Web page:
CASL – Canadian Anti-Spam Legislation
Many years after CAN-SPAM went into effect, Canada created their own version. The differences were significant, because Canada took on email “permissions” – something that CAN-SPAM avoided. Find out more about CASL email regulations in Canada and what it means when communicating with Canadian citizens.
What is CASL?
CASL (Canadian Anti-Spam Legislation) went into effect in Canada on July 1, 2014, with a 3 year window for everyone to be in compliance that ended on July 1, 2017. It impacts commercial electronic messages (CEM) sent to Canadian residents and from within Canada itself. It does not apply to commercial messages that are routing through Canada. The toughest email legislation in North America, CASL is focused on consent, identification and unsubscribe processes. And it impacts any global marketer who is sending a commercial email to someone who resides in Canada.
Definition of CEM (Commercial Electronic Messages)
The first legislation to go broader than email, CASL applies to all CEMs (commercial electronic messages), defined as:
- Messages that are in an electronic format, including emails, text messages, instant messages, and some social media communications
- Sent to an electronic address, including email addresses, instant message accounts, phone accounts, and social media accounts
- Promotional, and/or containing a message where recipients are to take part in promotions of products, services, people/personas, companies, or organizations
Implied vs. Express Content
The interpretation of implied vs. express consent relates to the purpose of the email.
Examples of implied consent:
- Customer has purchased a product within the last 24 hours, and email relates to the purchase
- Charitable organizations have received a donation of either money or time and has not opted out of receiving communications. This includes club memberships.
- A business-related message is sent to someone whose email address was given to you or publicly conspicuous. For example, if someone gives you a business card, you have implied consent to email that person.
If the message does not meet the requirements of implied consent, you will need express consent to send an electronic message.
What Does Express Consent Mean?
While the consent doesn’t have to be handwritten, it should be handled electronically in a way that the opt-in can be tracked, documented, and subsequently audited.
- A clear and concise description of the purpose of the messages (marketing, sales, service, etc.)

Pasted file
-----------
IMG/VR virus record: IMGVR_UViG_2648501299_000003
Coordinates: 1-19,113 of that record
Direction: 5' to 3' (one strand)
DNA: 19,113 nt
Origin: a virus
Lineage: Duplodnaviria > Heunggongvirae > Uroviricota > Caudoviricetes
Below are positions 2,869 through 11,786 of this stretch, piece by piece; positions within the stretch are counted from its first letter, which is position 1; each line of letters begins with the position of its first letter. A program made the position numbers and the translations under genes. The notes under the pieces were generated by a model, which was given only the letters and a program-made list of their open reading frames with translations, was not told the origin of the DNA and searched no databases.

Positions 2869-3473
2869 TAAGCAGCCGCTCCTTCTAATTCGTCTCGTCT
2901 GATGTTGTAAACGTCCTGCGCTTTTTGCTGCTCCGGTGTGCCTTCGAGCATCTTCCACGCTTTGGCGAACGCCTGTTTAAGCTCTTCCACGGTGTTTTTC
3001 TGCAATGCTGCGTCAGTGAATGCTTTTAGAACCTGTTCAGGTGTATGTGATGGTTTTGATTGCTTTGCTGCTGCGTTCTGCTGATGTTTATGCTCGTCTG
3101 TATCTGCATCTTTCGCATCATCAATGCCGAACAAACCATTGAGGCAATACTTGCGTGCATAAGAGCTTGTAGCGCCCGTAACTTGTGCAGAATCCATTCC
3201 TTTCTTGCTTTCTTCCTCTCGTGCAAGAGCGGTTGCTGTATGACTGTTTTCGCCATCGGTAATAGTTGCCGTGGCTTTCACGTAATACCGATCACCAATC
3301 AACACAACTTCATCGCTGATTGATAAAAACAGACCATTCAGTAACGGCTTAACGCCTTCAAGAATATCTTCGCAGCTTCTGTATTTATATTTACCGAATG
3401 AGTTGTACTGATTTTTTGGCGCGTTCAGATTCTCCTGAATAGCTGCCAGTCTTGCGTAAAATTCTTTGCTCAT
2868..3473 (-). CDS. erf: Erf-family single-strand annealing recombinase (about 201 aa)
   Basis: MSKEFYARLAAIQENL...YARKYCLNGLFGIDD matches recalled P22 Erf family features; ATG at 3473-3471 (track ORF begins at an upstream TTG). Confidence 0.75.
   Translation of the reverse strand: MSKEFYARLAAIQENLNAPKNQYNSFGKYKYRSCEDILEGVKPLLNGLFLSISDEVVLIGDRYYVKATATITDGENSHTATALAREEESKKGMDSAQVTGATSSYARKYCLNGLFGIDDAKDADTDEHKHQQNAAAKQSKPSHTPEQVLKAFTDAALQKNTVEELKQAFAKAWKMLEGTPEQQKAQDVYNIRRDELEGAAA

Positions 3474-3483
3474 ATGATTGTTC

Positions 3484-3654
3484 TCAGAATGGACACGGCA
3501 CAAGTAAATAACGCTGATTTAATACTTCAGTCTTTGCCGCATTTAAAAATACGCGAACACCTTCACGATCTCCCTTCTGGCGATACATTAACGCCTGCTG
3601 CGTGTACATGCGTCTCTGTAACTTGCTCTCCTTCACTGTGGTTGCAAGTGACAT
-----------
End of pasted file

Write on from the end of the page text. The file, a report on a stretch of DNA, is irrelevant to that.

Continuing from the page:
- A description of messages you’ll be sending (timing, frequency, etc.)
- Your name and contact information (physical mailing address and telephone number, email address, or website URL)
- You must state that the user can unsubscribe at any time
Some additional things you should know
- Like GDPR, you cannot pre-check boxes. The subscriber must check the box.
- As stated above, you’ll need to keep records so make sure you are able to archive it
- Like CAN-SPAM, messages should contain your physical mailing address, but also need to include your phone number and website URL. In the case of SMS, discuss with your carrier or legal team, but your terms & conditions should include this information as well.
- Once someone has opted in, every email or text message after that should contain an unsubscribe option and unsubscribes must be processed within 10 days.
- Unsubscribe processes must be clear. Additional clicks or logins to reach unsubscribe processes are not allowed. Additional information on unsubscribe processes can be found here
Here are some resources for additional information on CASL:
Overview of CASL
FAQ’s from Canadian Radio-Television and Telecommunications Commission
Clarification on Unsubscribe Process
Disclaimer: The information provided here is only for better understanding of CASL and its impact on email marketing and cannot be relied upon for any legal advice. You may consult your own professional advisors before taking, or refraining from taking, any course of conduct. By reading this article you indemnify Pepipost of any legal implications and cannot hold it responsible for any action pertaining to the information shared in this article.
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